National Book Award Winners and Finalists
in the Modern Literature Collection
November 15th marks the announcement of the National Book Award, an honor which numerous Modern Literature authors have either won or been nominated for. Among MLC recipients and nominees are May Swenson (A Cage of Spines, 1959, and To Mix With Time, 1964), Robert Creeley (For Love, 1963), James Dickey (Buckdancer’s Choice, 1966), Mona Van Duyn (To See, To Take, 1971), James Merrill (Nights and Days, 1976), William Gaddis (JR, 1976, and A Frolic of His Own, 1994), and Howard Nemerov (The Collected Poems of Howard Nemerov, 1978).
May Swenson‘s first nominated collection–A Cage of Spines–-received advance praise from Elizabeth Bishop, who wrote, “Miss Swenson looks and sees and rejoices in what she sees. Her poems are varied, energetic, and full of directness and optimism that are unusual in these days of formulated despair and/or stylishness.”
“Love, what do I think/to say. I cannot say it.”, Robert Creeley declares in the title poem of his nominated collection For Love. He leaves this imagination of “love” to his reader, whom–in the words of his preface–may well “know more” of his poems than he does.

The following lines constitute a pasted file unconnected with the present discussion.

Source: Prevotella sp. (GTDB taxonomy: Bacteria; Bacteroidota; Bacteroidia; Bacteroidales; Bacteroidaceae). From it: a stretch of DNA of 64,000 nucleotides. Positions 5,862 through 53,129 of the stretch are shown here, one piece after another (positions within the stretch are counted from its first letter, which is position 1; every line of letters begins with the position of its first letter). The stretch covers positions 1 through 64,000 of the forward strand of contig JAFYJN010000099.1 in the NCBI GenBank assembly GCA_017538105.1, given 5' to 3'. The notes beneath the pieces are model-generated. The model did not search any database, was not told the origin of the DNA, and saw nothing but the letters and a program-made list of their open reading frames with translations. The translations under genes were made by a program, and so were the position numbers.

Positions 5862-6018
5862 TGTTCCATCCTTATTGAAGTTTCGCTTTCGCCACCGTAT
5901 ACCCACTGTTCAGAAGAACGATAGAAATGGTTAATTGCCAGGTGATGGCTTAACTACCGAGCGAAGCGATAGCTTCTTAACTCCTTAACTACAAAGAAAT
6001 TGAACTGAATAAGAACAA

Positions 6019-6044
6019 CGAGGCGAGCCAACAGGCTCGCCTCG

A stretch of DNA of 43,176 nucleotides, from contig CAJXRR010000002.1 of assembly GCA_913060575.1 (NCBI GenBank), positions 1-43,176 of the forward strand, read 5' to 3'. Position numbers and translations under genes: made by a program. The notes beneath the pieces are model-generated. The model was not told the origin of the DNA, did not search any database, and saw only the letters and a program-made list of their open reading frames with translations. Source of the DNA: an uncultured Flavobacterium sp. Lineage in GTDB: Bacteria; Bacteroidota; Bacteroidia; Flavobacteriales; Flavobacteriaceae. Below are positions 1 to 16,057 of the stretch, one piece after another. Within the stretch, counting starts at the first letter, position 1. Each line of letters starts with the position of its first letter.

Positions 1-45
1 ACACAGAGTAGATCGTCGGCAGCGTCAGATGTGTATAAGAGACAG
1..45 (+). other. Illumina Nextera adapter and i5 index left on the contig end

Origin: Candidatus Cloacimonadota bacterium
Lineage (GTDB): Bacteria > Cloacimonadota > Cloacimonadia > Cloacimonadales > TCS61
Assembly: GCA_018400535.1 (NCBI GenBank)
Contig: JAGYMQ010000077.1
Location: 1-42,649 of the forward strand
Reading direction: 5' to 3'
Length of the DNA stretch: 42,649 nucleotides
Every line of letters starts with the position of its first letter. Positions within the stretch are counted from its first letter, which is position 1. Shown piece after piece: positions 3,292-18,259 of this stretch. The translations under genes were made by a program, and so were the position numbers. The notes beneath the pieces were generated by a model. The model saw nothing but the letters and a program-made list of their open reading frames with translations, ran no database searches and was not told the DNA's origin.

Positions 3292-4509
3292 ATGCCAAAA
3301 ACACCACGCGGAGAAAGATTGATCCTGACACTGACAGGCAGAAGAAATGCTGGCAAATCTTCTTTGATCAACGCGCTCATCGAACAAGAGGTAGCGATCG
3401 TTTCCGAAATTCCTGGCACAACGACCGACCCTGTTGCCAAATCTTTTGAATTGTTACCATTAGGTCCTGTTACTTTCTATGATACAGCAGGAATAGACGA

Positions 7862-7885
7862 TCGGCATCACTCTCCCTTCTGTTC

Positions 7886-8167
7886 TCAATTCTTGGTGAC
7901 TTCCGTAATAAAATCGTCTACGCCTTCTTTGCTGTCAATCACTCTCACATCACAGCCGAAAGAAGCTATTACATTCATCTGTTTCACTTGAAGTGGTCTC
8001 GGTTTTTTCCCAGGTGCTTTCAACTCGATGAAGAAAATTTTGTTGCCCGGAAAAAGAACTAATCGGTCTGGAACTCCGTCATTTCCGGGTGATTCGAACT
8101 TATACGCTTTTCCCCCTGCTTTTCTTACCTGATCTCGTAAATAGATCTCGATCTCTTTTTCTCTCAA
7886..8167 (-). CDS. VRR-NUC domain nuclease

James Dickey’s 1967-winning poetry collection Buckdancer’s Choice examines the experience of pain from the colossal scope of a WWII firebombing to the more intimate death of a narrator’s mother who–dying of emphysema–whistles a tune in an adjacent room: “The invalid warbler’s note”.
Mona Van Duyn’s 1971 National Book Award Acceptance Speech focused around the role of the caring reader in cultivating “a form of love” through their close readership. Both “reading” and “love” are central to Van Duyn’s collection, To See, To Take.
James Merrill’s drafts of his 1976 NBA winning poetry collection Nights and Days reveals his characteristic playfulness and attentiveness to detail, filled with sketches and multitudes of subtly changing lists, in many different shades of ink.
William Gaddis’s novel JR also won the NBA for fiction in 1976. Much like Van Duyn, his acceptance speech highlights the importance of reading well in order to write well: “…it seems to me the only way to keep writers writing well, or trying to write well, is to read what we write.”
Howard Nemerov’s 1978 NBA winning poetry collection The Collected Poems of Howard Nemerov, speaks through many voices, from a wide terrain of experiences. In the words of NBA judges, “That craft has deployed itself in an extraordinary range of accomplishments: from the gnomic to the dramatic, from the bleak to the triumphant, from the pure to the being at home in the multiple modern muck of the modern world–a poetry of the whole man.”